Most people will not fall squarely into one box, but as we dove deeper, it became clear the majority of those who were dissatisfied with Teams fell more into the social orientation category.

To that point, we had framed so much of the product around task orientation (Want a personal progress report or challenge? We have you covered!) with a touch of performance via Teams, but very little catered to the collaborative, socially oriented of the bunch.

Teams, though attempting to appeal to this social need, were falling flat because they remained highly individualistic. Members still focused on their own personal goals and had limited communication with others on the Team, which made it particularly challenging to form meaningful bonds.

We had to reorient our product to better serve the social needs of our users. So, that’s what we did.

A Bite of Humble Pie

Learning we were out of touch with our users when we had so confidently built a product based on what we (real people!) knew in our bones would work … sucked. But it was important for us to let go of ego and realize we needed to be more rigorous in the way we test and release features going forward.

Sometimes, humble pie is bitter. Sometimes, it’s sweet. How it tasted was up to us.

To start, we decided to incorporate findings from user interviews to build a collaborative group feature we call “Co-op.” This allowed users to tap into deeper motivations of social orientation. Here’s how we did it:

  • Collaboration. Instead of living in silos of personal accomplishment, we built a way for users to join what we call “Squads.” Like Teams, Squads consist of other Jolt users who have similar goals. The difference here is, although each person has their own personal goal, they are now also accountable to a collective mission (e.g., achieve “x” MovePoints in one week). One person’s failure can lead to the failure of the entire Squad. One person’s overwhelming success can also carry the Squad to a glorious finish. That said, it’s up to the collective Squad to ensure a successful end result.
  • Communication. Prior to building this feature, users had limited ability to communicate with like-minded individuals in Jolt. We needed new avenues for people to build sincere bonds that ensure lasting social connection. By joining a Squad, users can now monitor the progress of others and respond to their failures and successes in real time. We also decided to build an avenue for users to invite friends to join their Squad for additional support. This last part, though more challenging to build, is one of those essential missing pieces we collected from our user feedback. It simply came up too often to be ignored.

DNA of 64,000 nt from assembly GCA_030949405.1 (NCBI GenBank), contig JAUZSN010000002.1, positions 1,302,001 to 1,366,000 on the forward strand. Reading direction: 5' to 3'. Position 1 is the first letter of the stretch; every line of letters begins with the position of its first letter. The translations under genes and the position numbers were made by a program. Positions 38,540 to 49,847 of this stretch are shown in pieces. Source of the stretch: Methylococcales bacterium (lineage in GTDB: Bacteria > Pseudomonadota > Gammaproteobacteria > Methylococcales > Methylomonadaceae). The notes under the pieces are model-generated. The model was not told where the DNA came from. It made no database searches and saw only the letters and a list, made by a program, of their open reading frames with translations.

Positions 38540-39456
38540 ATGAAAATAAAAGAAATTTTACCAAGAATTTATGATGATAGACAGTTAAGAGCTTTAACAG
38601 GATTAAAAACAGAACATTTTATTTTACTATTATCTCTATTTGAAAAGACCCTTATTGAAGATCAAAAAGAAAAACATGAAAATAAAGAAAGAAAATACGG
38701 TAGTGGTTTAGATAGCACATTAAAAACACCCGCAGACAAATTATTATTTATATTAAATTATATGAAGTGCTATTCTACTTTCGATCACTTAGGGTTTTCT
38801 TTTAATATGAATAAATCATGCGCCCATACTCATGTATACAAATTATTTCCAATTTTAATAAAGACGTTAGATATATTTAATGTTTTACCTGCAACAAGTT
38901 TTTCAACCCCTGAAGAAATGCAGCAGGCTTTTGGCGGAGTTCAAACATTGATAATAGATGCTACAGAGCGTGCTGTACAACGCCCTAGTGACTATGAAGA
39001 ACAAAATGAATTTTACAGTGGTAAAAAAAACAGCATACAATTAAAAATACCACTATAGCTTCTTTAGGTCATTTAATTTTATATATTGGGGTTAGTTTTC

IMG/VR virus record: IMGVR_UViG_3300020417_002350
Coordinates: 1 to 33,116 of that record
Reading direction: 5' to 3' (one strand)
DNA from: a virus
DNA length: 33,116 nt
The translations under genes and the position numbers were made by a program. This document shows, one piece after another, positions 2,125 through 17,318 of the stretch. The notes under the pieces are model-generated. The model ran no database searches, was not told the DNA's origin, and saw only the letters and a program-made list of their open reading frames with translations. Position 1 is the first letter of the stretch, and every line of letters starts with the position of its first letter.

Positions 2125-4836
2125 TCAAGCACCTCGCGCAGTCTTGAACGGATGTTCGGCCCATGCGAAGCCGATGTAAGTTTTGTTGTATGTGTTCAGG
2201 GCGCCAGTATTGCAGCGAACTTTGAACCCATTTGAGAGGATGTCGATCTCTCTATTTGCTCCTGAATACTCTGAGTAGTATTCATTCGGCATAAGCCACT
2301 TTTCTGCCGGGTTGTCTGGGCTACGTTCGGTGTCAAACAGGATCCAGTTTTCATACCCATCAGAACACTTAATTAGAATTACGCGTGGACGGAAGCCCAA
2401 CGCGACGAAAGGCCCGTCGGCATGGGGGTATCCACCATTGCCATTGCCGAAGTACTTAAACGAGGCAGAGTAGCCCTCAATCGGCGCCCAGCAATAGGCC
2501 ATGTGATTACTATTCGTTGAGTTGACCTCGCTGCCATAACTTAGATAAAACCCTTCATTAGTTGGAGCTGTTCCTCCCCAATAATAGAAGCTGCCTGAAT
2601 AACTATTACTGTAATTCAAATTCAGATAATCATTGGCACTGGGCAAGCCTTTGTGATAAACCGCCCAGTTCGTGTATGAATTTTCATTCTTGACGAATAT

• Rewards. Though for some users, simple acknowledgement of success (or fear of failure) can be enough of a motivator to keep the ball moving. For others, we found the most effective mechanism to get the entire Squad to rally behind a collective cause was to offer a shared reward for collective achievement of a group goal. We are still experimenting with what kind of reward will produce the greatest success, but it’s clear working toward a tangible reward energizes Squads in a way reward-free collaboration does not.

By listening to our users and deepening our knowledge of group psychology, we have been able to introduce a feature that people not only love, but, so far, use at a higher rate than we were ever able to achieve with standard Teams.

Don’t Let Me Down, Bro

While exploring the mechanics of how Co-op would work, we encountered research on a little thing called “cohesion.” I know … we all know what this word means, and it should come as no surprise that cohesion of varying degrees is always present in groups.

What we found interesting was a study pioneered by a group of researchers led by the late Albert Caron.

They defined cohesion as: